Description & Statistics
There are only a few genera and species in Sapygidae. They are parasitoids or inquilines in the nests of Apoidea and Sphecoidea (Clausen 1940/62). It is a family of solitary aculeate wasps. There is no common English name, but Club-horned wasps may be suitable. There are ca. 85 described species, none of which are of much economic importance. Some of their hosts are important pollinators and thus it may be required to control them. (Peterson et al., 1992)
This family was considered with the Vespoidea by (Brothers & Finnamore 1993). They are generally black wasps, similar in appearance to some Tiphiidae, with white or yellow markings developed to various degrees.
The female oviposits her eggs into the nests of solitary bees, and the developing larvae consume both the host larvae and the supply of food provided for them.
Sapygidae are widespread but apparently do not occur in Australasia. There were 82 species known by 2000, and two subfamilies: Fedtschenkiinae and Sapyginae. Adults are usually black, and often marked with yellow or white. All of the known species are solitary. The larvae are cleptoparasitoids or ectoparasitoids of the larvae of Megachilidae, Anthophoridae, and Eumeninae. Pupation occurs within the cell prepared by the host.
Brothers & Finnamore (1993) discussed the two subfamilies as follows:
”Fedschenkiinae are Holarctic, but restricted to arid areas. There are very few species in one genus. Adults are usually black. The larvae are ectoparasitoids on the larvae of soil-nesting Eumeninae. One species occurs in North America (none found in Canada as yet).”
“Sapyginae are widespread, but also absent from the Australian region. There are several species in a few genera. Adults are usually black with yellow or white markings. The larvae are cleptoparasitoids or ectoparasitoids of the larvae of Megachilidae, Anthophoridae and Eumeninae. In North America there are 16 species in 2 genera (6 species, 2 genera in Canada).”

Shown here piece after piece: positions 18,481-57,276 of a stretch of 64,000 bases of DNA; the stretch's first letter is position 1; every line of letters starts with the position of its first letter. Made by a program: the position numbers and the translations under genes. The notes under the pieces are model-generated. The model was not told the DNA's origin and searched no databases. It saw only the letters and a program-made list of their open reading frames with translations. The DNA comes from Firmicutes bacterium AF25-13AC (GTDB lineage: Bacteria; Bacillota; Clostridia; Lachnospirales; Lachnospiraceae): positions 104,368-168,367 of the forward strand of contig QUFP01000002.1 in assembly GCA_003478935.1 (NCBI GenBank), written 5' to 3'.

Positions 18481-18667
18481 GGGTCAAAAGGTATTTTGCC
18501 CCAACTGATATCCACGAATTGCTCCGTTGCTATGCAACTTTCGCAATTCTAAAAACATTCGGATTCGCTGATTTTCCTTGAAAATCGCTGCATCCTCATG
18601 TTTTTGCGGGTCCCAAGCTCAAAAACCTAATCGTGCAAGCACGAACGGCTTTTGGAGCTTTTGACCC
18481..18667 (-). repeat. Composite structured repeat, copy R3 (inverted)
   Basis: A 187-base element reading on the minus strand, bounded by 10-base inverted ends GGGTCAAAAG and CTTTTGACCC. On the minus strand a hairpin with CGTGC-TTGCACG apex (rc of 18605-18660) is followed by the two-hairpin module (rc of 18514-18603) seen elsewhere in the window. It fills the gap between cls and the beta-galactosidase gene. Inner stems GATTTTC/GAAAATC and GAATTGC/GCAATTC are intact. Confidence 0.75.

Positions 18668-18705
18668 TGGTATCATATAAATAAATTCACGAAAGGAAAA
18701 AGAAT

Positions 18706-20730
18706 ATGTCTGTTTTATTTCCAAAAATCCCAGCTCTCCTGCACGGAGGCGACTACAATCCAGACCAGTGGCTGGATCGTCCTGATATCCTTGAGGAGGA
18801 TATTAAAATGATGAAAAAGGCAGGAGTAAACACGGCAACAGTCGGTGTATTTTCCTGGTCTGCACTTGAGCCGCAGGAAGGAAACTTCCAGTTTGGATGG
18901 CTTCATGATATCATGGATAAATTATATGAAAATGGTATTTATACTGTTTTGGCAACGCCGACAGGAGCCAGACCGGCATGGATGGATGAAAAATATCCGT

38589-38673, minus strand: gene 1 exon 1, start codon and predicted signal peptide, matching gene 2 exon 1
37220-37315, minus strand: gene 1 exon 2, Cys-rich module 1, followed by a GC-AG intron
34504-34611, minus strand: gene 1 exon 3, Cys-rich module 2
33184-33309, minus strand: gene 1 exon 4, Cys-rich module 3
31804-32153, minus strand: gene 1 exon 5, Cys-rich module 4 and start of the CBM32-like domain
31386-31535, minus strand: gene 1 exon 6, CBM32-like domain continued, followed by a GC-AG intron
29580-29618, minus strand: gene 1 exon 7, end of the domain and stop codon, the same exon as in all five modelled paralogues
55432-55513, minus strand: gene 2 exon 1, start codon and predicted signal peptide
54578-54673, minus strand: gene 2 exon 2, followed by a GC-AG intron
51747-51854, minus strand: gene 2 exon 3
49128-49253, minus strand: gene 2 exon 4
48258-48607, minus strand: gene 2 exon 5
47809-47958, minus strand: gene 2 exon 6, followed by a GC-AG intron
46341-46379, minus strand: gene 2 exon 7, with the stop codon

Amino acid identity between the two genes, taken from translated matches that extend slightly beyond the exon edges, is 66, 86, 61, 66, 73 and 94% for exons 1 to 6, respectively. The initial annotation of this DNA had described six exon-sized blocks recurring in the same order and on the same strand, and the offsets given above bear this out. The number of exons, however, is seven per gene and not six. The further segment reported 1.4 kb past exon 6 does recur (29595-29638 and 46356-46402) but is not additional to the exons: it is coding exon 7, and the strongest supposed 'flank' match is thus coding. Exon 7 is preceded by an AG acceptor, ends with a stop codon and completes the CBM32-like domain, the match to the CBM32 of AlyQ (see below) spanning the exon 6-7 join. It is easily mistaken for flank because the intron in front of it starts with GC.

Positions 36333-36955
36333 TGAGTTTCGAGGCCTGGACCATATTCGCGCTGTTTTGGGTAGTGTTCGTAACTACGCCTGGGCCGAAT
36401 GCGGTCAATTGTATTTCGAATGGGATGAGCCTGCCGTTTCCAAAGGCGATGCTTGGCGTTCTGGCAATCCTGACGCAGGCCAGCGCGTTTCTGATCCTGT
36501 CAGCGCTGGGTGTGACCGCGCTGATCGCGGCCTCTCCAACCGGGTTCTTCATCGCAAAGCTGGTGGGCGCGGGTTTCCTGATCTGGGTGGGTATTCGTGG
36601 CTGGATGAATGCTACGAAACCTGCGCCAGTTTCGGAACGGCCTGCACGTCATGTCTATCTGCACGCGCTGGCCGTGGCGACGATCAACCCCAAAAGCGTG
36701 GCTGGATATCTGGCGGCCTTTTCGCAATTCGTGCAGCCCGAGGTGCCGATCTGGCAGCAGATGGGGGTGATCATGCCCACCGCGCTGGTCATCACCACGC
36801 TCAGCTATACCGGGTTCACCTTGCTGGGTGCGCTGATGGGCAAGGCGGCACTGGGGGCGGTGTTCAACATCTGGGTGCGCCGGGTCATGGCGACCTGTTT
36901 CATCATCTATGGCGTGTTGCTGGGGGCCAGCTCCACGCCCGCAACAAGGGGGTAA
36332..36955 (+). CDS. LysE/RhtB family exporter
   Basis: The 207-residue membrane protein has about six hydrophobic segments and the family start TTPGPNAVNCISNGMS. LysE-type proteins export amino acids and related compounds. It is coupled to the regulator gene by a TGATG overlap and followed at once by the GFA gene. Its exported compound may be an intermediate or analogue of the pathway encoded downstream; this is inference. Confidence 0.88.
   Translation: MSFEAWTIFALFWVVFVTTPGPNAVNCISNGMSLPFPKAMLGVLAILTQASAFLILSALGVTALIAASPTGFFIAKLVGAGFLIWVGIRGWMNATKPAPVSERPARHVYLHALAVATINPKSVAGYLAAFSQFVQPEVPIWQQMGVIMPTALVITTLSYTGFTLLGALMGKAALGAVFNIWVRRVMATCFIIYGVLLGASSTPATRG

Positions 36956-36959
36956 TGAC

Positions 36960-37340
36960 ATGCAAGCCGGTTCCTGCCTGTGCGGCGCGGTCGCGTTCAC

“Polochrum repandum Spin. of Europe develops in the cells of Xylocopa violacea L. The young larva is found on the food mass in the cell with the Xylocopa egg, the latter being destroyed before much feeding has taken place on the stored food (Parker 1926).”
“Tobias (1965) keyed the subfamilies, and he and Bradley (1955) discussed Fedtschenkiinae. Pate (1947b) provided keys to the New World genera. ARnold (1929) revised the African species, and Kurzenko (1986) revised those of the USSR. Krombein (1979c) summarized information on the biology.”
Fossil sapygids have been found in Upper Eocene Baltic amber (Brischke, 1886).
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Brischke, D. 1886. Die Hymenopteren des Bernsteins. Schr. Naturforsch. Ges. Danzig, 6: 278-279.
Peterson, S.S., C.R. Baird, R. M. Bitner Parma & C. Idaho. 1992. Current Status of the Alfalfa Leafcutting Bee, Megachile rotundata, as a Pollinator of Alfalfa Seed. Bee Science 2:135-142.